[Pnews] Pa.'s Mumia Abu Jamal-inspired 'revictimization' law is 'manifestly unconstitutional, ' U.S. judge rules

Prisoner News ppnews at freedomarchives.org
Tue Apr 28 19:02:13 EDT 2015

  Pa.'s Mumia Abu Jamal-inspired 'revictimization' law is 'manifestly
  unconstitutional,' U.S. judge rules

<http://connect.pennlive.com/staff/mmiller/index.html>By Matt Miller | 
mmiller at pennlive.com <http://connect.pennlive.com/staff/mmiller/posts.html>

on April 28, 2015 at 6:16 PM

Calling it "manifestly unconstitutional," a federal judge on Tuesday 
overturned a new state law that proponents said was designed to prevent 
criminals from "revictimizing" those harmed by their wrongdoing.

In ruling against the Revictimization Relief Act, U.S. Middle District 
Chief Judge Christopher C. Conner found that the law, enacted last year, 
is too broad, too vague and blatantly violates the free speech 
protections of the U.S. Constitution.

The act was in large part a reaction to last year's decision by Goddard 
College in Vermont to invite Mumia Abu Jamal, who was convicted of the 
1981 murder of a Philadelphia police officer, to speak at its commencement.

As adopted by the Legislature, the law barred those convicted of, and in 
some cases accused of, crimes from speaking or acting in ways that would 
re-traumatize their victims.

Plaintiffs ranging from Jamal to the Pennsylvania Prison Society, Prison 
Legal News, various media organizations and current and former prisoners 
challenged the law's legality during a hearing before Conner in 
Harrisburg last month. 

The attorney general's office defended the act, claiming it was 
justifiable to prevent criminals from causing their victims more harm.

Conner found the Constitution's First Amendment free speech guarantees 
trump such concerns, however.

"A past criminal offense does not extinguish the offender's 
constitutional right to free expression," the judge wrote. "The First 
Amendment does not evanesce at the prison gate, and its enduring 
guarantee of freedom of speech subsumes the right to expressive conduct 
that some may find offensive."

He also found the Revictimization Act to be 'unlawfully proposed, 
vaguely executed and patently over-broad."

"However well-intentioned in its legislative efforts, the General 
Assembly fell woefully short of the mark," Conner wrote.

Since former Gov. Tom Corbett signed it last fall, the act has had a 
"chilling effect" on the free speech of prisoners and on "entities who 
rely on that speech," he found. He noted, for example, that Free Speech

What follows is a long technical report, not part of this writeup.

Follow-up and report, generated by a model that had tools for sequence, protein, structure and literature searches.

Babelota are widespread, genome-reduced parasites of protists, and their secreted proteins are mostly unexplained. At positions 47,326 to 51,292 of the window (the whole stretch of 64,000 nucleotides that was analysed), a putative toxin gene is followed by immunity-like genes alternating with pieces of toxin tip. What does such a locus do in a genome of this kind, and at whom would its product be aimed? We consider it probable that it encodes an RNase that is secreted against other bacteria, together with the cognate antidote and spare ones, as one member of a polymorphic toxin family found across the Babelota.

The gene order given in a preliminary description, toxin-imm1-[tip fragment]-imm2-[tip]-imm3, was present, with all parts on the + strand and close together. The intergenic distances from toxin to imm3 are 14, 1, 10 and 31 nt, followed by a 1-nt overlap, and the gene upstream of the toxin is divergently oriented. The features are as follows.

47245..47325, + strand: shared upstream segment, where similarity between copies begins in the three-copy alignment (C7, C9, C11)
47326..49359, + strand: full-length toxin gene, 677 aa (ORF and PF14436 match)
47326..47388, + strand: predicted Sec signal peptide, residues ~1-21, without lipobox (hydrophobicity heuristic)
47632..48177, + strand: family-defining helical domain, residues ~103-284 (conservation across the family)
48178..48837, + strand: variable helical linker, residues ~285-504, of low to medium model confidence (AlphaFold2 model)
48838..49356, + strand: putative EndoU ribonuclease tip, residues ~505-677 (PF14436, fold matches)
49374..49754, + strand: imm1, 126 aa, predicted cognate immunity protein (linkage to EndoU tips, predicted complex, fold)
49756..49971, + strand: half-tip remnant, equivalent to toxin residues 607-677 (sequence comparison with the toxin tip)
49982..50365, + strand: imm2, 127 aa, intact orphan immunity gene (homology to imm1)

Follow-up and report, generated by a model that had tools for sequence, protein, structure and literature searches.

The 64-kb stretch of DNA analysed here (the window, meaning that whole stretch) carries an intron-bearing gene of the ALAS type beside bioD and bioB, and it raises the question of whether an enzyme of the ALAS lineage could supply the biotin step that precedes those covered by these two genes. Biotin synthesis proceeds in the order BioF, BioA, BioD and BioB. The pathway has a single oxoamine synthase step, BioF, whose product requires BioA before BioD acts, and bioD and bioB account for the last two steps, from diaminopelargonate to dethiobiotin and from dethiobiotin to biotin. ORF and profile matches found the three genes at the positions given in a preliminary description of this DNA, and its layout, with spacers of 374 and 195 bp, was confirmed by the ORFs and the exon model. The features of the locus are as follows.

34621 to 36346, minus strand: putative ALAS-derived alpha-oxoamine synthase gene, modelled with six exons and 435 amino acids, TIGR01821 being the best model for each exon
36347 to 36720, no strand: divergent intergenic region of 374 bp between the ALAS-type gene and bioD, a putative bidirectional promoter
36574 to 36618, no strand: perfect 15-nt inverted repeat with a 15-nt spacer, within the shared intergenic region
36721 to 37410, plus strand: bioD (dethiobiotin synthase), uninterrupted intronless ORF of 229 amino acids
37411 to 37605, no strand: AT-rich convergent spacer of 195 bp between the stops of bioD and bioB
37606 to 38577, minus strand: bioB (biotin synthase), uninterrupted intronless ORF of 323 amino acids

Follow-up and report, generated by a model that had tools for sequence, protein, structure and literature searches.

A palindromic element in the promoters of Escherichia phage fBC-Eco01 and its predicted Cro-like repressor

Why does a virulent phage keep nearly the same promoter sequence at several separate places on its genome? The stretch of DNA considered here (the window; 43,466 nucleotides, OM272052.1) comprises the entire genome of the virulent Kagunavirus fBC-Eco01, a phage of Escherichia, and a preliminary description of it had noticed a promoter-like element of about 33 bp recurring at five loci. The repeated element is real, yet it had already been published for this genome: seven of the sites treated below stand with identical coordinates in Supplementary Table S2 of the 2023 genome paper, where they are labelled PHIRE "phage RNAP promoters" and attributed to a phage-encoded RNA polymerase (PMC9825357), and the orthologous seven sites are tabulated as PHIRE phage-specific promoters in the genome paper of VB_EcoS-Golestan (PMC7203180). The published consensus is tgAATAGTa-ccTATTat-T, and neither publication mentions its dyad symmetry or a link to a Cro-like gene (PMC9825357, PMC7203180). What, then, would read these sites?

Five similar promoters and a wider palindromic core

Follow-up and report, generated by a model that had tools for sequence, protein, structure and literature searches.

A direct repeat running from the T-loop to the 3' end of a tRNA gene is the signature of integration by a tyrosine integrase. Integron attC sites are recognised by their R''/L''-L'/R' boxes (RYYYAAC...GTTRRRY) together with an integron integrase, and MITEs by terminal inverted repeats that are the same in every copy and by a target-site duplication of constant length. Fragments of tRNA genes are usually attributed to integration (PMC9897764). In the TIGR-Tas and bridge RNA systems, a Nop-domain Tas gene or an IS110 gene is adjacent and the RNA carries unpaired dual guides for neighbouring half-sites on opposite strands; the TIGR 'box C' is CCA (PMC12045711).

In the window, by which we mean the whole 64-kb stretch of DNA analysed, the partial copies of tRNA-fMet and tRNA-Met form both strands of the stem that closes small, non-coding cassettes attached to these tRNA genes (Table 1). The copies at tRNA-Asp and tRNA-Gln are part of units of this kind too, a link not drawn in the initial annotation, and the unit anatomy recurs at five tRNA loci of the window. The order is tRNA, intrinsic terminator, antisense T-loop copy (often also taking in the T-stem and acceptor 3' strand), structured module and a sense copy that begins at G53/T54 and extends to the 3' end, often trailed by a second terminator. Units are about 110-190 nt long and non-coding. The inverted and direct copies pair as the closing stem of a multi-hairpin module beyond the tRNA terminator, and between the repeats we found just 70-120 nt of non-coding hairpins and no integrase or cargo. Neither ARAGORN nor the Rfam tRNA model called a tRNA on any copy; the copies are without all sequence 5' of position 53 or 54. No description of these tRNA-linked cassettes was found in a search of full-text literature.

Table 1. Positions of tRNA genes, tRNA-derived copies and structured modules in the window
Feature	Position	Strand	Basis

Radio curtailed airing Jamal's weekly commentaries.

The judge also cited comments by the law's supporters that he said 
clearly show it was "championed primarily as a device for suppressing 
offender speech."

"The act's sponsor extolled its capacity to silence Abu Jamal in 
particular," Conner wrote. "And Gov. Corbett commended the Legislature 
for expeditiously passing a law that quells the 'obscene celebrity' of 
an 'unrepentant cop killer'."

The judge also blasted the law's "wholesale lack of definition" finding 
that it doesn't clearly state what kind of speech or actions it forbids. 
Nor, he found, does it specify "whether reactions to speech will be 
measured by any objective or subjective standard, or what level of 
(victim) 'anguish' will suffice" to trigger its enforcement.

"Short of clairvoyance, plaintiffs cannot determine in advance whether 
or to what extent a particular expression will impact a victim's 
sensibilities," Conner observed. "The result of these ambiguities is the 
very self-censorship identified by the (U.S.) Supreme Court as the 
hazard of vague legislation."
 From the ruling:

V. Conclusion

The First Amendment‟s guarantee of free speech extends to convicted 
felons whose expressive conduct is ipso facto controversial or 
offensive. The right to free expression is the shared right to empower 
and uplift, and to criticize and condemn; to call to action, and to beg 
restraint; to debate with rancor, and to accede with reticence; to 
advocate offensively, and to lobby politely. Indeed, the “high purpose” 
of the foremost amendment is perhaps best displayed through its 
protection of speech that some find reprehensible. Johnson, 491 U.S. at 
408-09 (“[Free speech] may indeed best serve its high purpose when it 
induces a condition of unrest, creates dissatisfaction with conditions 
as they are, or even stirs people to anger.” (quoting Terminiello v. 
Chicago, 337 U.S. 1, 4 (1949))). The United States Constitution 
precludes any state enactment that effectively limits expressive conduct 
when the essential injury is personal affront.13 See Coleman, 335 F. 
Supp. at 589.

The victims who have suffered at the hands of certain plaintiffs are not 
without remedies. Victims are free to protest inmate speech through 
demonstrations, picketing, or public debate. They may publish responsive 
leaflets and editorials. As Maureen Faulkner did, victims may air their 
grievances to the press. Indeed, the victims‟ discourse may include 
expressive conduct that plaintiffs themselves find objectionable. The 
First Amendment does not evanesce at any gate, and its enduring 
guarantee of freedom of speech subsumes the right to expressive conduct 
that some may find offensive.

/S/ CHRISTOPHER C. CONNER Christopher C. Conner, Chief Judge United 
States District Court

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